Triple Check

I was just thinking about triple check.  If I'm correct in my thinking, there is no such thing in a legal position.  Right?

Of course, this is technically a huge check...

Black wonders where they went wrong...

16-way check

ClavierCavalier wrote:

I was just thinking about triple check.  If I'm correct in my thinking, there is no such thing in a legal position.  Right?

Of course, this is technically a huge check...

Black wonders where they went wrong...

No, triple check is ilegal !! In your diagram, the only piece that doesn't check the enemy king is the KING  !! LOL

"and black was thrusted mightily"

Very amusing.

With an en-passent capture, you can make a double-check that doesn't involve the moving piece... but no triple-check, correct.

Gotta love a site where the first comment in 5 months is a bad penis joke...

I never played Chinese chess, but I tihnk if I remember from the rules I read some 44 years ago, a triple check is possible. There is an extra piece which moves similar to a rook, (But not backward?) It is allowed to jump over a piece. So put it behind a rook and have another piece in front of your rook on same file as enemy King and move it giving check, thus a triple check. Chinese Chess limits the area your King may stay during the game, and it's played on point intersections of squares as Japanese Shogi is.

aww-rats wrote:

I never played Chinese chess, but I tihnk if I remember from the rules I read some 44 years ago, a triple check is possible. There is an extra piece which moves similar to a rook, (But not backward?) It is allowed to jump over a piece. So put it behind a rook and have another piece in front of your rook on same file as enemy King and move it giving check, thus a triple check. Chinese Chess limits the area your King may stay during the game, and it's played on point intersections of squares as Japanese Shogi is.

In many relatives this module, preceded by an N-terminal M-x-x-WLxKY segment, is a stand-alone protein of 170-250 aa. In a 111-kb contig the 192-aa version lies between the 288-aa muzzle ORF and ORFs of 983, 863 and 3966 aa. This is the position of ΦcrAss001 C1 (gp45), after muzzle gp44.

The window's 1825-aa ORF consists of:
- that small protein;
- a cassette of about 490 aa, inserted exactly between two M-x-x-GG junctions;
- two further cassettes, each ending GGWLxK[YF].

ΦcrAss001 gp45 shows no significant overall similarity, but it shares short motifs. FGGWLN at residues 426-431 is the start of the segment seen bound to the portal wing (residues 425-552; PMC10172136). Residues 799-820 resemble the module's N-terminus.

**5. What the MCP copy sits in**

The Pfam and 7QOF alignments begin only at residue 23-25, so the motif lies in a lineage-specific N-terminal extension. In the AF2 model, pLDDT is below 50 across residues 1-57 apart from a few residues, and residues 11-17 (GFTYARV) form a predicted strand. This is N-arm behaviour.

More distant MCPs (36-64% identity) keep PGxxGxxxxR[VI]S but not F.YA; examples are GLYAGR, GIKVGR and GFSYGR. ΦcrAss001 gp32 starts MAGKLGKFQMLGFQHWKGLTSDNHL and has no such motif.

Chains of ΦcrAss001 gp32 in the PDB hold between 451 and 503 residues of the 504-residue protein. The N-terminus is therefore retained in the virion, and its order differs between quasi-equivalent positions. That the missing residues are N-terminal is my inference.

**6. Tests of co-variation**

The piece in question is a pao (cannon). It moves like a rook and captures like a rook, except that there must be exactly one piece between it and the capture target. (It moves normally like a rook, it's only capturing moves that need this jump.)

So triple checks are possible in xiangqi. Additionally, the ma (knight) can "have its foot blocked"; any unit orthogonally adjacent to it will block its moves to the 2 squares beyond it. (e.g. to borrow a chess board for clarity, knight on e5, pawn on e6, king on d7; the knight cannot move to d7 and f7, so the king on d7 is not in check.) This allows another form of discovered/triple check (king on e8, knight on c7, rook on d7, pao on e1; 1. Re7+++.)

And shogi is played on a 9x9 board, on the squares and not the points.

In chess, there is no ma or pao, so there are no triple checks. Except in fairy compositions.

Triple Check?  No, can't be done.  But a triple attack can!

Below is an example where by moving the Knight, White's Bishop attacks the Black Rook, White's Rook attacks the Black Queen, and White's Queen checks the Black King!

Actually, with Nc6+, white attacks 5 ways due to the knight fork.